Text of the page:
This NY Times article talks about a study that once again, and in new ways, refutes any claims to a cold remedy.

Some cool quotes.

The study, being published today in The New England Journal of Medicine,
involved 437 people who volunteered to have cold viruses dripped into their
noses. Some swallowed echinacea for a week beforehand, others a placebo.
Still others took echinacea or a placebo at the time they were infected.

Then the subjects were secluded in hotel rooms for five days while
scientists examined them for symptoms and took nasal washings to look for
the virus and for an immune system protein, interleukin-8. Some had
hypothesized that interleukin-8 was stimulated by echinacea, enabling the
herb to stop colds.

But the investigators found that those who took echinacea fared no
differently from those who took a placebo: they were just as likely to
catch a cold, their symptoms were just as severe, they had just as much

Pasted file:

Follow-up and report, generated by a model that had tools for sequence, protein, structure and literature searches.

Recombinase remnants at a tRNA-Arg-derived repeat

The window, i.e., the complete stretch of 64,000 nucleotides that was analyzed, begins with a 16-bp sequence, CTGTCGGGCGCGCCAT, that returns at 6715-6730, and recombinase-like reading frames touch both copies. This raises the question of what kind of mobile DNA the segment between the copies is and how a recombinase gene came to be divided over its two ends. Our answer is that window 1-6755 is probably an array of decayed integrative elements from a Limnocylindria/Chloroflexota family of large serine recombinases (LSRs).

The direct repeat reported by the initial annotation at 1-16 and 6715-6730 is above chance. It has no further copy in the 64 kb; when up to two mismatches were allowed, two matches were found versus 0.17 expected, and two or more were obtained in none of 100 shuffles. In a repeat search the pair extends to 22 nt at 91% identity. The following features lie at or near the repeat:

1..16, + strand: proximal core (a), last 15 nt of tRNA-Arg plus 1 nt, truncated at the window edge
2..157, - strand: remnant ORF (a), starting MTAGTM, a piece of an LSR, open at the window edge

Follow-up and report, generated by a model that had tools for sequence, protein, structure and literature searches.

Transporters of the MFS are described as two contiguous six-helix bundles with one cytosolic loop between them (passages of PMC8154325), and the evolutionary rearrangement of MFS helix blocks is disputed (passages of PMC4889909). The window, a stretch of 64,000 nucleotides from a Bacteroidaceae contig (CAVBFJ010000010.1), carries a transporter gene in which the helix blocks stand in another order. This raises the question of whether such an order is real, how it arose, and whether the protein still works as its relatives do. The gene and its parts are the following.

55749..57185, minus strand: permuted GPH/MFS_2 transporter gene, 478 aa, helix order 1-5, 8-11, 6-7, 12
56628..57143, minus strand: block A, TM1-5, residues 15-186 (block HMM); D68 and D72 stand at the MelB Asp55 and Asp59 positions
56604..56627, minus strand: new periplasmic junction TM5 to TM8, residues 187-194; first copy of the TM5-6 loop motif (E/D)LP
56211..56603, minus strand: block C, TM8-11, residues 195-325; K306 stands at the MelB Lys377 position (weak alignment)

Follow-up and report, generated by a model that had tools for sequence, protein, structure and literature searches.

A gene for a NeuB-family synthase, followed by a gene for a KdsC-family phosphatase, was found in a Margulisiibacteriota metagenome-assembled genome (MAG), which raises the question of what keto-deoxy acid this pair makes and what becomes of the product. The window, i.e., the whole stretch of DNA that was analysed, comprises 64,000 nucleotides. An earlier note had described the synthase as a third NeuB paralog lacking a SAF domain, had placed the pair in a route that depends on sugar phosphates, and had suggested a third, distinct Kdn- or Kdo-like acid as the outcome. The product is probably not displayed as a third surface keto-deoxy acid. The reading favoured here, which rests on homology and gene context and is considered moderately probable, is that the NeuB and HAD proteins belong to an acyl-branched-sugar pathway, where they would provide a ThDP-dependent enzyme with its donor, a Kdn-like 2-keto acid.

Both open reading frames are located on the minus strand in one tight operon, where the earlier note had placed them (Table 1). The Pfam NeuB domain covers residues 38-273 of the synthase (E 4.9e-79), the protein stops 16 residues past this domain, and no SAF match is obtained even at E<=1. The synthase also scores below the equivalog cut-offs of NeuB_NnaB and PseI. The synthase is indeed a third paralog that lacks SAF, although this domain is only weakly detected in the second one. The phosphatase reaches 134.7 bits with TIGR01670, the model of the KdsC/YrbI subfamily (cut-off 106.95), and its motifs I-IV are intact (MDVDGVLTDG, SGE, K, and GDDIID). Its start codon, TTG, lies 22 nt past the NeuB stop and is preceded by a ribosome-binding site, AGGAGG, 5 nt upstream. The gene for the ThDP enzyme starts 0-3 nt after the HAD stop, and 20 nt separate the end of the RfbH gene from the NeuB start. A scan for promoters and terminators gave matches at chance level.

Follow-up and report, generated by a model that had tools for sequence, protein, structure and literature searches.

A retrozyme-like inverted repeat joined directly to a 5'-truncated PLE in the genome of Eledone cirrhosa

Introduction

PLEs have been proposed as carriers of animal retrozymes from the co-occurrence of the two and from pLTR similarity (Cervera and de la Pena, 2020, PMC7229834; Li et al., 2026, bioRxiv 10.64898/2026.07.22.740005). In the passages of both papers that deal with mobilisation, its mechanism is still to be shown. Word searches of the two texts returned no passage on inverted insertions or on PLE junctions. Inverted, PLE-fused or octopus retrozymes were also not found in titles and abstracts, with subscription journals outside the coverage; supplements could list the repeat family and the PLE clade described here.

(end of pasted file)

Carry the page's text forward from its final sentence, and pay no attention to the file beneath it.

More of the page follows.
virus in their nasal secretions, and they made no more interleukin-8.

Now, with increasing evidence that echinacea does not work for colds,
scientists are confronting a problem, Dr. Sampson said, in that "there is
no 'demarcation of the absurd,' a point at which it is unwise to pursue an
investigation further."

For Dr. Turner, that point is here.

"We should assume that echinacea does not work until somebody proves it
does," he said. That, he added, "is the flip side of where we've been."


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03 August 2005